How I Met Your Father

Dear Kaden,

Love is a funny thing.

It has a way of sneaking up on you when you least expect it, or when you need it the most. It never seems to come when you’re looking, and it never seems to show up in the manner you had imagined.

It has a way of changing everything, and making you blind and deaf to everything but your sweetie.

Love can bring you to the highest levels of euphoria, and drop you to the heaviest, most crushing pit of despair and pain.

It is so unpredictable, but when you find it, my dear son, I hope you hold on and never let go.

When I found your father, it pulled me from the life I knew and dropped me into a whirlwind of unknowns (and I am sure by now you have picked up on the fact that I hate the not knowing, and it drives your dad crazy).

So how did I meet your father, and why did I uproot everything to be with him? Let me tell you the story.

Everyone always asks me how I met my husband. He grew up in Oklahoma while I grew up in California. Here’s our story, written for my son.

It’s hard to know exactly where to start with our story, because so many things had to have happened in order for the stars to align, and your father and I to meet.

For my part of the story, the chain of events started as far back as when I was 8 years old, when my parents divorced. It’s crazy to think that had they stayed married, your father and I may never have met.

I won’t bore you with all the specifics, because it wasn’t until another 7-8 years later that your father and I talked for the first time. Here is a condensed version of the next few years:

A little while after your grandparents divorced, your grandma went to work for a mortgage company (which she still works at in 2018). There, she had a coworker with a young daughter who needed a babysitter in the summer and holiday breaks from school.

When I was a preteen, I babysat the little girl. Your grandma dropped me off at her coworker’s house in the mornings and then went to work with her coworker. The little girl didn’t wake up for about 2 hours after I arrived, and I got in the habit of watching TV in the mornings. This is how I discovered my high school obsession: “Buffy the Vampire Slayer” (the one with Sarah Michelle Gellar as Buffy. There’s supposed to be a reboot in the works which my inner nerd is upset about…that’s not the one I watched, and still own on DVD.)

I’m not kidding when I call my love of Buffy as an obsession. I rewatched the episodes again and again, I wrote Buffy fanfiction, I made Buffy fan videos/ music videos, I had online friends to roleplay our own Buffy stories with, I designed Buffy graphics in Photoshop, I bought and read “official” Buffy books, I had deep and philosophical discussions about Buffy with my peers. I’m telling you, I was obsessed.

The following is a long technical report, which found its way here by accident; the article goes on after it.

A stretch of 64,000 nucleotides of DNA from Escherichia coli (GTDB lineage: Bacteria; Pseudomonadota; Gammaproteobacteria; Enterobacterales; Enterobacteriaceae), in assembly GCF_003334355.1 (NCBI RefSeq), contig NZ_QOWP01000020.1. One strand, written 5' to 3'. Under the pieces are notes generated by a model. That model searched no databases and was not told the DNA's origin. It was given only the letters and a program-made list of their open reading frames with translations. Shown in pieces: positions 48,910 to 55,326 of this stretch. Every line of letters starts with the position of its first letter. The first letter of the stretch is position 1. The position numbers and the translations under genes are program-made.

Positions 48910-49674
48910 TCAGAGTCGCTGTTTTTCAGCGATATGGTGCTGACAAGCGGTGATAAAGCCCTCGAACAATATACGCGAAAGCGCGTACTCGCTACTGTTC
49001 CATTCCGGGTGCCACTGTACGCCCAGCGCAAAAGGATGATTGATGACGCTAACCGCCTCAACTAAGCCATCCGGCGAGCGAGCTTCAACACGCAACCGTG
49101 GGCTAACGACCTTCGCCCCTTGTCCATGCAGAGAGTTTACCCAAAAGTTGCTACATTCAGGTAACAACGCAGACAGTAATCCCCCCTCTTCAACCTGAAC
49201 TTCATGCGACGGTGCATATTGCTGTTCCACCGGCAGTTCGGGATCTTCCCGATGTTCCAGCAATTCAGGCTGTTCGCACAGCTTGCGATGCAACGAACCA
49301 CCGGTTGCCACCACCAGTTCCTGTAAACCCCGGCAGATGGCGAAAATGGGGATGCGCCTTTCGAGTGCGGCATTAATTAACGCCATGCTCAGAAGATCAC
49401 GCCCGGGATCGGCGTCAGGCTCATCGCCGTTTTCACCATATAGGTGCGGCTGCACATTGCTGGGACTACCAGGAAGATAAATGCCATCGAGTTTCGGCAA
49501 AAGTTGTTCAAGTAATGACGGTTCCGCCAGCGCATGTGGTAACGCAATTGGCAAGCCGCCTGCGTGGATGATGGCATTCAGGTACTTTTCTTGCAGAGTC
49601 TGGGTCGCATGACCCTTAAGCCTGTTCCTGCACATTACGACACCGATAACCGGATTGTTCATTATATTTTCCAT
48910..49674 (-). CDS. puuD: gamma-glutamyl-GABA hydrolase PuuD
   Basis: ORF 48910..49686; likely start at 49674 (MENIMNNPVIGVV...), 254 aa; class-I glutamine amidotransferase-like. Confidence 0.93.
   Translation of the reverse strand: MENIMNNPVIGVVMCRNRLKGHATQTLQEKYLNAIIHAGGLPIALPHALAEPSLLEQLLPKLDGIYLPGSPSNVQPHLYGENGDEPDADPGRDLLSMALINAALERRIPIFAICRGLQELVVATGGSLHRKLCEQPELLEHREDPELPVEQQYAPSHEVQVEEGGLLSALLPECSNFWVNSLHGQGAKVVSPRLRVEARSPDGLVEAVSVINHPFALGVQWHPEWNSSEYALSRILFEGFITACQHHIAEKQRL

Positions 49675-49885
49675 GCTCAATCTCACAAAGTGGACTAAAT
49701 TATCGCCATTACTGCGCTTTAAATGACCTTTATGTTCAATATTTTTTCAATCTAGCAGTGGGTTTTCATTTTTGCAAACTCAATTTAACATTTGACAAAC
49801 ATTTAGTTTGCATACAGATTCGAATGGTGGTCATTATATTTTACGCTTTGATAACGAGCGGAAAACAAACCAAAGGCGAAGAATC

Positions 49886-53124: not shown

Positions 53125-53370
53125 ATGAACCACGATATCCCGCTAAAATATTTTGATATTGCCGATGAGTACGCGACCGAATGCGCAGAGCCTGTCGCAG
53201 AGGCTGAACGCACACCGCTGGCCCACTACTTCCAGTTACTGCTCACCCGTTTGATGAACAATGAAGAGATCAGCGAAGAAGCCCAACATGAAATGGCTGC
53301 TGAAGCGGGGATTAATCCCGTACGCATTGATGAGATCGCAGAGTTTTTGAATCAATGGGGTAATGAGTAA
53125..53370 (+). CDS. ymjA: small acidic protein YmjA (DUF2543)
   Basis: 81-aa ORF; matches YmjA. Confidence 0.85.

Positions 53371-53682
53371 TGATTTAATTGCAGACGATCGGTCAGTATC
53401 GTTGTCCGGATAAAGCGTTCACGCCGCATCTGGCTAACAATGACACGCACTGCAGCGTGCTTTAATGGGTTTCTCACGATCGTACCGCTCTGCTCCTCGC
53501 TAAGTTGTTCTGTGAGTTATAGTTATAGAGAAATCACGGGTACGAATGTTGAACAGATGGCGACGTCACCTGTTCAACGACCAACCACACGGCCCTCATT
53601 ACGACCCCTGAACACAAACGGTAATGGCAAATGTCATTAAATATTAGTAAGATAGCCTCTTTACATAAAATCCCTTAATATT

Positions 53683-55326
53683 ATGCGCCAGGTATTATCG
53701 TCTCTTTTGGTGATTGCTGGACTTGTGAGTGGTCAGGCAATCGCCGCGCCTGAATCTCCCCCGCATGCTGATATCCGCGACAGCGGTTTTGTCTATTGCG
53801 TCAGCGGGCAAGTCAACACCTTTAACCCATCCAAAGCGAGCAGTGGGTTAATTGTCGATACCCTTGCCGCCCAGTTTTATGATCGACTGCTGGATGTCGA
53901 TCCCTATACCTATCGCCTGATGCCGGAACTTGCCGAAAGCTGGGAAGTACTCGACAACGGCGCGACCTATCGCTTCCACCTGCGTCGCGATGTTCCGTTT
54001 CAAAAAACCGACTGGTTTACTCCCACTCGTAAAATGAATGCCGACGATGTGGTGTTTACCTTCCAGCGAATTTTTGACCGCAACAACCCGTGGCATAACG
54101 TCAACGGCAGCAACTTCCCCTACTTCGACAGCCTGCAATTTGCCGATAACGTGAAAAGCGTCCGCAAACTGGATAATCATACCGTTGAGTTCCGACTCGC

Thanks to my obsession, I met a few good friends in a Buffy fan club online. One day, we took our conversation from the fan club thread to on an instant messenger service, called America Online Instant Messenger (AIM), so we could include a couple more people that weren’t part of the club.

At this point, I believe I was about 15 years old (maybe 14). One of the girls in the group chat and I clicked, and we moved to a private message so we didn’t have to fight to keep up with our conversation among the group.

We’ll refer to the girl I met in the chatroom as “Amy” for privacy’s sake.

Amy and I quickly became great friends; one could even say best friends. We talked on AIM every day, we texted some (back then, texting wasn’t unlimited. You actually had to pay per text if you went over your limit), and we talked on the phone when it was free, which meant nights and weekends (phone calls weren’t unlimited either).

As it turns out, Amy knew your dad in person, though I’ll have to let him explain how.

Amy and your dad were friends, and they hung out sometimes. One weekend in particular, they went to a monster truck rally. When the rally was over, Amy called me to tell me about it on the way home.

You know your dad can talk to anyone about anything, no matter if he’s met them before or not.

He took the phone from Amy and introduced himself to me over the phone.

“Hi! I’m Chris, Amy’s friend. Who are you?”

“Krysta, Amy’s friend from California.”

“You live in California! How cool!”

I was 15 or 16 years old, and that was the first conversation I had with your father. It was a short one, as he gave the phone back to Amy relatively quickly, but I’ll never forget it.

When they got home, your dad found me on social media (back then, we used a social media website called MySpace) and on AIM, thanks to Amy’s help.

Son, I didn’t know what to think at first.

I went ahead and added him to my friends list, because he had been nice on the phone, but I was a bit surprised that he looked me up. We didn’t have a deep, meaningful conversation, we talked for maybe 2 minutes tops.

But alas, that’s your father.